If then I am a wrongdoer, and have committed anything for which I deserve to die, I do not seek to escape death.
— Acts of the Apostles, 25:11
[It] is in no way contrary to the commandment, ‘Thou shalt not kill’ to wage war at God’s bidding, or for the representatives of public authority to put criminals to death, according to the law, that is, the will of the most just reason.
— St. Augustine, The City of God, early 5th century
[If] a man be dangerous and infectious to the community, on account of some sin, it is praiseworthy and healthful that he be killed in order to safeguard the common good, since ‘a little leaven corrupteth the whole lump’ (1 Corinthians, 5:6)
— St. Thomas Aquinas, Summa Theologica, 1265-74
The power of life and death is permitted to certain civil magistrates because theirs is the responsibility under law to punish the guilty and protect the innocent. Far from being guilty of breaking this commandment [Thy shall not kill], such an execution of justice is precisely an act of obedience to it.
— Roman Catechism of the Council of Trent, 1566
Even in the case of the death penalty, the State does not dispose of the individual’s right to life. Rather public authority limits itself to depriving the offender of the good of life in expiation for his guilt, after he, through his crime, deprived himself of his own right to life.
— Pope Pius XII, speaking at histopathology conference, 1952
While the Church exhorts civil authorities to seek peace, not war, and to exercise discretion and mercy in imposing punishment on criminals, it may still be permissible to take up arms to repel an aggressor or to have recourse to capital punishment.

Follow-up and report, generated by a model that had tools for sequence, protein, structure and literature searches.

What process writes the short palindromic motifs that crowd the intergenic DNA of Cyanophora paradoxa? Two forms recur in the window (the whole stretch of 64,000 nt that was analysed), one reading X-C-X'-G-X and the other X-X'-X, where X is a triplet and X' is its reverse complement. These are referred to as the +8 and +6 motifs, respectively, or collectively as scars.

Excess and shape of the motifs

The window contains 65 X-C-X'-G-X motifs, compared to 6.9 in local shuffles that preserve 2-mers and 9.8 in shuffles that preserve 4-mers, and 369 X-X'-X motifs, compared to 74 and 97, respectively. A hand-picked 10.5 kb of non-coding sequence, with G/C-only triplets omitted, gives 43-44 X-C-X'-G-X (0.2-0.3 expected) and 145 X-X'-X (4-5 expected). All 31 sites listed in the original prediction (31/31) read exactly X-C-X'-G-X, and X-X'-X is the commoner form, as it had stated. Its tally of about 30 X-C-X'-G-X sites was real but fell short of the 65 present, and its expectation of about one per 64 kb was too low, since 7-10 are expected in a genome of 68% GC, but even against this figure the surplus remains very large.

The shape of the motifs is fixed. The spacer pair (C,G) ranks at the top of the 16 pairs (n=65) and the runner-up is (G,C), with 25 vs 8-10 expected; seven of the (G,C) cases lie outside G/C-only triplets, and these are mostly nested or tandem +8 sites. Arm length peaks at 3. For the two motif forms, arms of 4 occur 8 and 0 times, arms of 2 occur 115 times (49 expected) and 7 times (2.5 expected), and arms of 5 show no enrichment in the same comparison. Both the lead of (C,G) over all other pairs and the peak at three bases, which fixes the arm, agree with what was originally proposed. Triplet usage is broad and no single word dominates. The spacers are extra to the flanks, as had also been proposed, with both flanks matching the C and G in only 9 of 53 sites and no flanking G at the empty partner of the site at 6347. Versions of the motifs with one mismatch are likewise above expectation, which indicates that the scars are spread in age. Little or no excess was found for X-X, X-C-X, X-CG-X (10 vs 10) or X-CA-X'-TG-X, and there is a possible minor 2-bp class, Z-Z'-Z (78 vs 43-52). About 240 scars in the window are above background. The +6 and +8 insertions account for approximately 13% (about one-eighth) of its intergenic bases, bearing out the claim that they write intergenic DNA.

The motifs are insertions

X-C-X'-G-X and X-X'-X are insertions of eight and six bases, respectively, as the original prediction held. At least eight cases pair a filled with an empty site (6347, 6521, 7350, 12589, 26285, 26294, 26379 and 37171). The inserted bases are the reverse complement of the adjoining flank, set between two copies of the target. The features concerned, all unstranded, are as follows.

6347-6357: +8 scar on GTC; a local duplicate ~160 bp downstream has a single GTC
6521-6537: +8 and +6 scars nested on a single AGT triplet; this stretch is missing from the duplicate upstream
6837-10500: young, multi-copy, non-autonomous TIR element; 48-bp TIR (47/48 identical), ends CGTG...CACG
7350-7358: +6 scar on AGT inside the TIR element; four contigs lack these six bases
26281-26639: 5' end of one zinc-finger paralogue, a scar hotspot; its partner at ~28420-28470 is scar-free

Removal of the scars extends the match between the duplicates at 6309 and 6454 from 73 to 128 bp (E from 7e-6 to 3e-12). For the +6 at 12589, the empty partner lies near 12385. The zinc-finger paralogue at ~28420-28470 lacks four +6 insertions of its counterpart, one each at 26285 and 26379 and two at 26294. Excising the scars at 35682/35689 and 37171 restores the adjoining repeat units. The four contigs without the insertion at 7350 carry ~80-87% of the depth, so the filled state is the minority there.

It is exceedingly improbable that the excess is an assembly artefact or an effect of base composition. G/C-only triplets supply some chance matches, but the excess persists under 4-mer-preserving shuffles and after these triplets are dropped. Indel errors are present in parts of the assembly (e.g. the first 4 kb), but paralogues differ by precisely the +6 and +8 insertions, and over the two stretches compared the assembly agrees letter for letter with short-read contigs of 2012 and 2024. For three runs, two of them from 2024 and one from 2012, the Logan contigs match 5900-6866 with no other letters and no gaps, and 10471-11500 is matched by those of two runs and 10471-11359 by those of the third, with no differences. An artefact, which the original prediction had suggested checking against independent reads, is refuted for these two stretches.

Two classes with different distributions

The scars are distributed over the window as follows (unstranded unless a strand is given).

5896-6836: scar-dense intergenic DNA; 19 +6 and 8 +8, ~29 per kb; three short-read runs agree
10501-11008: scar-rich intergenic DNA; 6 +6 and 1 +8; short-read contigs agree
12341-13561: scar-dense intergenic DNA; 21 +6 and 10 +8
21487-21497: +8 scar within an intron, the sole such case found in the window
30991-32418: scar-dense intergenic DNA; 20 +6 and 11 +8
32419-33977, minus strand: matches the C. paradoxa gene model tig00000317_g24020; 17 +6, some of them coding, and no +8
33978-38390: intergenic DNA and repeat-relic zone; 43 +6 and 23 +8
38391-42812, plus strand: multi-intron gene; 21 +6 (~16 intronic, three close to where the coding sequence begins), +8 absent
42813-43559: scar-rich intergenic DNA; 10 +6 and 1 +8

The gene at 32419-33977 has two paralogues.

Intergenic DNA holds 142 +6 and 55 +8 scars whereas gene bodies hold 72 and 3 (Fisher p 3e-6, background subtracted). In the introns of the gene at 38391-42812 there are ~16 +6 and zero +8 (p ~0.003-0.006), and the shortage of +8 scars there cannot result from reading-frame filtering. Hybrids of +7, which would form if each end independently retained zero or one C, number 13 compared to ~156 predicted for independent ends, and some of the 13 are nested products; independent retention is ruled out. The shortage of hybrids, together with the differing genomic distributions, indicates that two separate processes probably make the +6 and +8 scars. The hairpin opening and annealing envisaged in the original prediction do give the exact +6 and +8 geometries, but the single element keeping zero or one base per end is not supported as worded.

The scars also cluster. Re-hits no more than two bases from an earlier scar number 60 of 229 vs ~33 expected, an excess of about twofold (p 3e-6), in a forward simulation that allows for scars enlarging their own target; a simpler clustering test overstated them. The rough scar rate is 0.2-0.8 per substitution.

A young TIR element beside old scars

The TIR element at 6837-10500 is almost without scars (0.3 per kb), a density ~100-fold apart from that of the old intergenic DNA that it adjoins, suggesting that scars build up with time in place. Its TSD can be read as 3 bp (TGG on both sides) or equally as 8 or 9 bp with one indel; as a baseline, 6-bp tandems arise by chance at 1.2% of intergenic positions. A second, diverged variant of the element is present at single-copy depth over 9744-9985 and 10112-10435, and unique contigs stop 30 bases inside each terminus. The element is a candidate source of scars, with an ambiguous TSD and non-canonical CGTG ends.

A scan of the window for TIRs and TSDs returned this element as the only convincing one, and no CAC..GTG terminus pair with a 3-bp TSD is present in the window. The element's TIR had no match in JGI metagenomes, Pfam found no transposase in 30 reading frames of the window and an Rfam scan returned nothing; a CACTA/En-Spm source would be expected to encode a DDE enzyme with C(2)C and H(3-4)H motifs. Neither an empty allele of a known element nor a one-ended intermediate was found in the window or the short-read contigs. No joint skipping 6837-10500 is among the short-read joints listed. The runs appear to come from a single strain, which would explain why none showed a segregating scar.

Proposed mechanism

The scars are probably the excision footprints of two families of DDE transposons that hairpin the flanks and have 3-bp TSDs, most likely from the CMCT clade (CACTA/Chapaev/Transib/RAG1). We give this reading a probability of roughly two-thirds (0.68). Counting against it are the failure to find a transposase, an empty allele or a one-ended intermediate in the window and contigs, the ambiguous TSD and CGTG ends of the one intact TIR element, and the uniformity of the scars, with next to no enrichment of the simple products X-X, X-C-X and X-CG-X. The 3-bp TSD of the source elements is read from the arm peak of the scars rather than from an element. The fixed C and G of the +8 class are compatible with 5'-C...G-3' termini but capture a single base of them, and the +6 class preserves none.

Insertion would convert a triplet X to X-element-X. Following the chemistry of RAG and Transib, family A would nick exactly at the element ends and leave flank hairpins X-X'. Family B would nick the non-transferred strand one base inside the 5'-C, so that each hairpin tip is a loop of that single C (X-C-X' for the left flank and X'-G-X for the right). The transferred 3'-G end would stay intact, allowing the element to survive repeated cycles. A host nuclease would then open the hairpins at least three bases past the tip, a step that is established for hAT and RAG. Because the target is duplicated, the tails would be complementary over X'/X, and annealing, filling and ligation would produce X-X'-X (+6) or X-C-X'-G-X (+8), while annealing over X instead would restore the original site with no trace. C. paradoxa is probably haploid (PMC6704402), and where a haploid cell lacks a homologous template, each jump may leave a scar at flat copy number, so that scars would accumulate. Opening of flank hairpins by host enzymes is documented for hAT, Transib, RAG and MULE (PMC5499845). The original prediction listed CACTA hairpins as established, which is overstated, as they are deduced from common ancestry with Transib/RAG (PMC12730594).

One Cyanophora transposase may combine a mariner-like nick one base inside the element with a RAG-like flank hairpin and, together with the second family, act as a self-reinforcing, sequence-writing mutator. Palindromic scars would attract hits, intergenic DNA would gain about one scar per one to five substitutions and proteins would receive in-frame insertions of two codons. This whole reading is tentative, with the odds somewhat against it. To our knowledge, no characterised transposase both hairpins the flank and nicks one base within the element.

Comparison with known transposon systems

— Cardinal Joseph Ratzinger (later Pope Benedict XVI)
THESE quotations from “Getting It Wrong about the Death Penalty,” a March 2015 blog by Steve Skojec, founding publisher and executive director of the conservative Catholic site OnePeterFIve.com, may be helpful to senators and congressmen seeking moral and religious guidance as they deliberate the death penalty bill. (Read the article at: < http://www.onepeterfive.com/getting-it-wrong-about-the-death-penalty/ >.)
For sure, the prevailing Vatican position opposes capital punishment. In a March 2015 letter to the president of the International Commission Against the Death Penalty, of which former President Gloria Arroyo was a member, Pope Francis asserted that capital punishment was ““inadmissible, however serious the crime.”
Justice, he wrote, could never be done by ending human life, and there was no humane way of execution, Vatican News reported. The letter also said that capital punishment is the opposite of God’s mercy, which should be the model for society’s legal systems. The death penalty, Francis declared, was cruel and degrading, and the long wait for execution was tortuous.
The why and how of execution
This writer is no moral authority and does not presume to pass judgment or even expound upon the moral issues involved in capital punishment. At the same time, some points may be made even by a non-expert observer.